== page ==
Virginia (Ginna) Closs

Virginia (Ginna) Closs

University of Massachusetts - Amherst, MA
Associate Professor, Classics

Ph.D., Classical Studies, University of Pennsylvania,
Philadelphia, PA, 2013

M. Phil., Classics, University of Cambridge, U.K., 2002
B.A., Classics, Stanford University, Stanford, CA, 2000

Virginia (Ginna) Closs is an Associate Professor of Classics at the University of Massachusetts Amherst. Her research focuses primarily on Latin literature and Roman cultural history during the early imperial period, with a particular interest in how Latin texts reflect notions of material culture, urban space, and temporality. Her first book, entitled While Rome Burned: Fire, Leadership, and Urban Disaster in the Roman Cultural Imagination (University of Michigan Press, 2020), examines the role of fire as a metaphor for political instability in literary texts from the mid-first century BCE through the early second century CE. She also recently completed work on a co-edited volume entitled Urban Disasters and the Roman Imagination (De Gruyter, 2020). The 2020-21 Spain-Greece Joint Teaching/Research Award will support research and teaching related to her next book project. Tentatively entitled Urbs/Orbis/Turba: Time, Space, and Text in Martial’s Poetic Empire, this book investigates the related issues of time, urban space, and textuality within the work of Martial, the prolific Latin poet most famous for his epigrams chronicling the highs and lows of life in the sprawling metropolis of imperial Rome.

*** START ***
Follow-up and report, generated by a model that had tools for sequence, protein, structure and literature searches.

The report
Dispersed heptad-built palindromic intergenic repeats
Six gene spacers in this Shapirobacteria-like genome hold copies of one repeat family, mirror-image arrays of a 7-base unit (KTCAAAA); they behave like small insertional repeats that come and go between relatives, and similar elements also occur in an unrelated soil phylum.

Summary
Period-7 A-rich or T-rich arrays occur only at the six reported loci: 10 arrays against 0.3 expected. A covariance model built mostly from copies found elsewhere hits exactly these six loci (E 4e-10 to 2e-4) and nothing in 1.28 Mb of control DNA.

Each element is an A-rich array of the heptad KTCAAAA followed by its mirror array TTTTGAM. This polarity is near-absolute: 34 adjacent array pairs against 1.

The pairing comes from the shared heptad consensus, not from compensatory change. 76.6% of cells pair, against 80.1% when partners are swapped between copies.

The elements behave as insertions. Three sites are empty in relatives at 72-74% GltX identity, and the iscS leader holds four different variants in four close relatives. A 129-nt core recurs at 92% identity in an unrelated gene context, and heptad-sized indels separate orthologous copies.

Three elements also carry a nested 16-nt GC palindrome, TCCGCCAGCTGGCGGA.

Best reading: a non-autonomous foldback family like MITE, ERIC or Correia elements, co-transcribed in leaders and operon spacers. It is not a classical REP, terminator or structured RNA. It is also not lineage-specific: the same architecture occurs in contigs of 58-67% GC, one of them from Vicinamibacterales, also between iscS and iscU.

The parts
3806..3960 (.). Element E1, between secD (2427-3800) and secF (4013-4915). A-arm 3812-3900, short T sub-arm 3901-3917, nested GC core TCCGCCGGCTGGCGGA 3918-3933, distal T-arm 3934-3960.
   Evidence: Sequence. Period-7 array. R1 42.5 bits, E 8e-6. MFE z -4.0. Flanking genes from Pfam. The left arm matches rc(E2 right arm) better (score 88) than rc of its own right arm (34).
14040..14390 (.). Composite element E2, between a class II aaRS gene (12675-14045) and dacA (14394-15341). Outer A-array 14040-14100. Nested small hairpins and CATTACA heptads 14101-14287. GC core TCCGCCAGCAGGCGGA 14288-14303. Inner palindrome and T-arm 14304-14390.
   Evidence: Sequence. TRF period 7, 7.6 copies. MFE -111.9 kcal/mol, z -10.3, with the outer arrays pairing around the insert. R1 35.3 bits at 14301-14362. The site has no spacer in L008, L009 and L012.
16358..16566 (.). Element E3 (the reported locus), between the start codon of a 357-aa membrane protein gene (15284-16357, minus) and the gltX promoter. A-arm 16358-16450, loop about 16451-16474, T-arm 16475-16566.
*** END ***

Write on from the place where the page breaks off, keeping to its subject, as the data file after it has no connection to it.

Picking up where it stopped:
During Martial's lifetime, more efficient modes of communication extended Rome’s influence in the provinces, drawing an increasingly diverse range of ambitious strivers (including Martial himself) to the capital city. Ginna’s research highlights the cultural contributions that ancient Spain and Greece made to Martial’s formulation of his quintessentially “Roman” poetry. A major motif of this study is Martial’s complex layering of the temporal and cultural landscapes of Rome, where he lived and worked for over three decades; the Greek literary tradition, which profoundly influenced his poetry’s style and content; and his native Spain, to which he returned at the end of his life after losing favor in Rome. Martial’s poems adapt the Greek tradition of literary epigram, a genre with deep connections to the physical environment, to the urban topography of first-century CE Rome as well as to the landscape of his home territory, the province of Hispania Tarraconensis.

To enhance her understanding of these regions, Ginna plans to spend time visiting and studying the Greek and Spanish locations that Martial mentions in his poetry, as well as examining examples of art and inscriptions related to his subject matter. Exploring the landscapes of ancient Spain and Greece is central to Ginna’s research, but she also very much looks forward to meeting and exchanging ideas with a number of distinguished scholars of imperial Latin literature at Greek and Spanish institutions. Two such scholars, Rosario Moreno Soldevila (Universidad Pablo de Olavide, Seville) and Sophia Papaioannou (National and Kapodistrian University, Athens) have generously invited Ginna to conduct her research and to present related material in classes and lectures at their institutions. She looks forward to this collaboration, and is eager to experience life in her two host countries.


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